“Goosebumps” is not what you might expect. Then again, it is what you might expect from the R. L. Stine bestselling book series that has now gone to the big screen (Oct. 16). There is one thing for sure that you count on from the Sony-back film and that is you must be prepared to be chilled to the point of being scared out of your wits.
Going to see a screening of “Goosebumps,” I really didn’t know what to quite expect. Humor? Dark fantasy? Ghoulish manifestos? How about all three. But the best part of the movie is actor Jack Black going Jack Nicholson in “The Shining.” I expected “Goosebumps” to be light-hearted and fun. That it is. But the real makeup of the film has a much darker edge to it that it will make Halloween aficionados proud.
Halloween is all about monsters and scary things that go bump into the night. There’s plenty of that going on in “Goosebumps.” Halloween wouldn’t be what it is without monsters, ghouls, zombies and other creatures tapping you on the shoulders and frightening the heck out of you. I am not usually moved by scary movies, but “Goosebumps” sure as heck had me looking back over my shoulders a couple of times.
This is good stuff. You can thank Black for help making it all come to life with his portrayal of the mysterious Stine and voice-over stint as “Slappy the Dummy.” It looked to me that Black had a great time doing the film because just about everything he does in the movie he gets right. Not only does he gets the Stine role right, he believably puts sinister into the creepy “Slappy the Dummy” character.
Actually, Black made “Slappy the Dummy” so real that the next time I run into a ventriloquist I just might have go run and hide. If you’re expecting a couple of screams here, some creepy moments thrown in with a few comedic zingers from Black-this is not “Goosebumps.” Instead, what you have in “Goosebumps” is light moments tossed in with “Fright Night.”
Stine (Black) is an evasive character who wants nothing to do with meet and greet opportunities with his new neighbors. He also doesn’t want this daughter, Hannah (Odeya Rush), flirting or having anything to do with the other gender, especially with the boy-next-door Zach (Dylan Minnette). But teenagers do what teenagers do, and ignore their parents’ advice. Teenagers do the opposite of what their parents instruct them to do.
That usually leads to consequences. So likewise, Hannah and Zach are sort of attracted to one another. Eventually. Stine forbids Zach from coming around Hannah (typical dad or we think). This leads the curious Zach to see what the heck is going on with his new friend. So he invites his pal (Champ) to go with him as he commits a breaking and entering crime into Stine’s house. He gets more than what he bargained for when he discovers Stine’s collection of monster books.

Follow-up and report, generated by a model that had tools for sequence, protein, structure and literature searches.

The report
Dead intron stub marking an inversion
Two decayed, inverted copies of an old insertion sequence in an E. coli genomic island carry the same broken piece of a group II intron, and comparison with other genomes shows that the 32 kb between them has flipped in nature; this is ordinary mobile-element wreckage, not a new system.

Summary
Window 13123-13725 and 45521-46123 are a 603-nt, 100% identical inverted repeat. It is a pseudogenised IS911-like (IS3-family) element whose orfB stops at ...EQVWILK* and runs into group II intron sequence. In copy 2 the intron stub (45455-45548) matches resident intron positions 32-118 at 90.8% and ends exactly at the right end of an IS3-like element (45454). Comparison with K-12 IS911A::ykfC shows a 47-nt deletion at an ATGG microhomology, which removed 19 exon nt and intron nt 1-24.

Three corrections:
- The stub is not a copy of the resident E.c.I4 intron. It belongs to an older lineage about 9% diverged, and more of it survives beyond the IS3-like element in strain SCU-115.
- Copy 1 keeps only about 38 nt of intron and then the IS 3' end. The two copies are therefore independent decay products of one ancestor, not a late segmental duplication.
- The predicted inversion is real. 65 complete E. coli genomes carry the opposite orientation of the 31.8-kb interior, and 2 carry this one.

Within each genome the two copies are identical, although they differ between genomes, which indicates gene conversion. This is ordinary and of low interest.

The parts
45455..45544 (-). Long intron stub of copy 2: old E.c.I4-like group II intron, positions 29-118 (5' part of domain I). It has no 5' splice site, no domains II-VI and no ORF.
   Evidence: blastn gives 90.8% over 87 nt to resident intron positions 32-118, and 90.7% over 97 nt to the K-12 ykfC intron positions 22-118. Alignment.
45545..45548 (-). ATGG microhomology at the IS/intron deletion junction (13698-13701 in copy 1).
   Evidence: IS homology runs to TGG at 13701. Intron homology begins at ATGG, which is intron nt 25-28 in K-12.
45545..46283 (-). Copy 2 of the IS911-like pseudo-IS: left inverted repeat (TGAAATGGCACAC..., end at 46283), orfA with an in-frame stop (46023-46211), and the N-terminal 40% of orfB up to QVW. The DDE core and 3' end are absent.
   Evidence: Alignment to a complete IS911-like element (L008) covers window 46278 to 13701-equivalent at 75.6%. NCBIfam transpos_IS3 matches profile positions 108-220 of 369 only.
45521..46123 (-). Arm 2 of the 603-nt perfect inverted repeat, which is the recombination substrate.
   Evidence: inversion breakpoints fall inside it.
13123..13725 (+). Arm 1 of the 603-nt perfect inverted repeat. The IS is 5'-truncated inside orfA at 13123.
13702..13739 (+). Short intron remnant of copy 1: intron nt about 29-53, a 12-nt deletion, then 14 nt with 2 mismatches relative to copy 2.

Stine’s books are accidentally opened, unleashing all the demons you might imagine. This sets off a wild and crazy spurt of four of the main characters in the film who try to keep the monsters from doing a take over as they jump out of the pages of Stine’s books to real-life sociopaths. This is the sort of stuff that teenagers and young adults will eat up.
A lot of the usual suspects are here: Werewolf, The Invisible Boy (Black), Praying Mantis, the Abombinable Snowman, and of course, Mr. Creepville himself, Slappy the Dummy. The zaniness of “Goosebumps” has Slappy the Dummy” operating as a gang leader in orchestrating the monster takeover.
Like a monster character all wired up, Slappy the Dummy is obsessed with sticking it to Stine, and wants to make his life a ball of burning inferno as he trails his creator like the “Nightstalker.” In the meantime, Stine, Zach, Champ and Hannah all get together on the same page to try to stop this demonized dummy. Unleashed is a lot of chaotic fun. As you might imagine, there are a lot of frightening chill and spill moments.
Black, in his role as Stine, gives off one of his best performances as an actor. Instead of the usual comedic rouse we get from Black, we get a dark, tense, and times, a lot more serious character wrestling with his own inner demons. Black makes the movie with his triple threat characters.
As reclusive as Stine appears to be, Slappy the Dummy is just as dangerous. Probably more so. He is a madman with such frightening recklessness to destroy that it would probably scare Frankenstein. Just as those characters are, it is equally important that Minnette, Lee and Rush mesh their roles with the young adult audience that is sure to come out in strong waves to see the 1 hour, 43 minute movie.
If you want to see a great Halloween flick, “Goosebumps” is the one. But you might come away with a nightmare or two.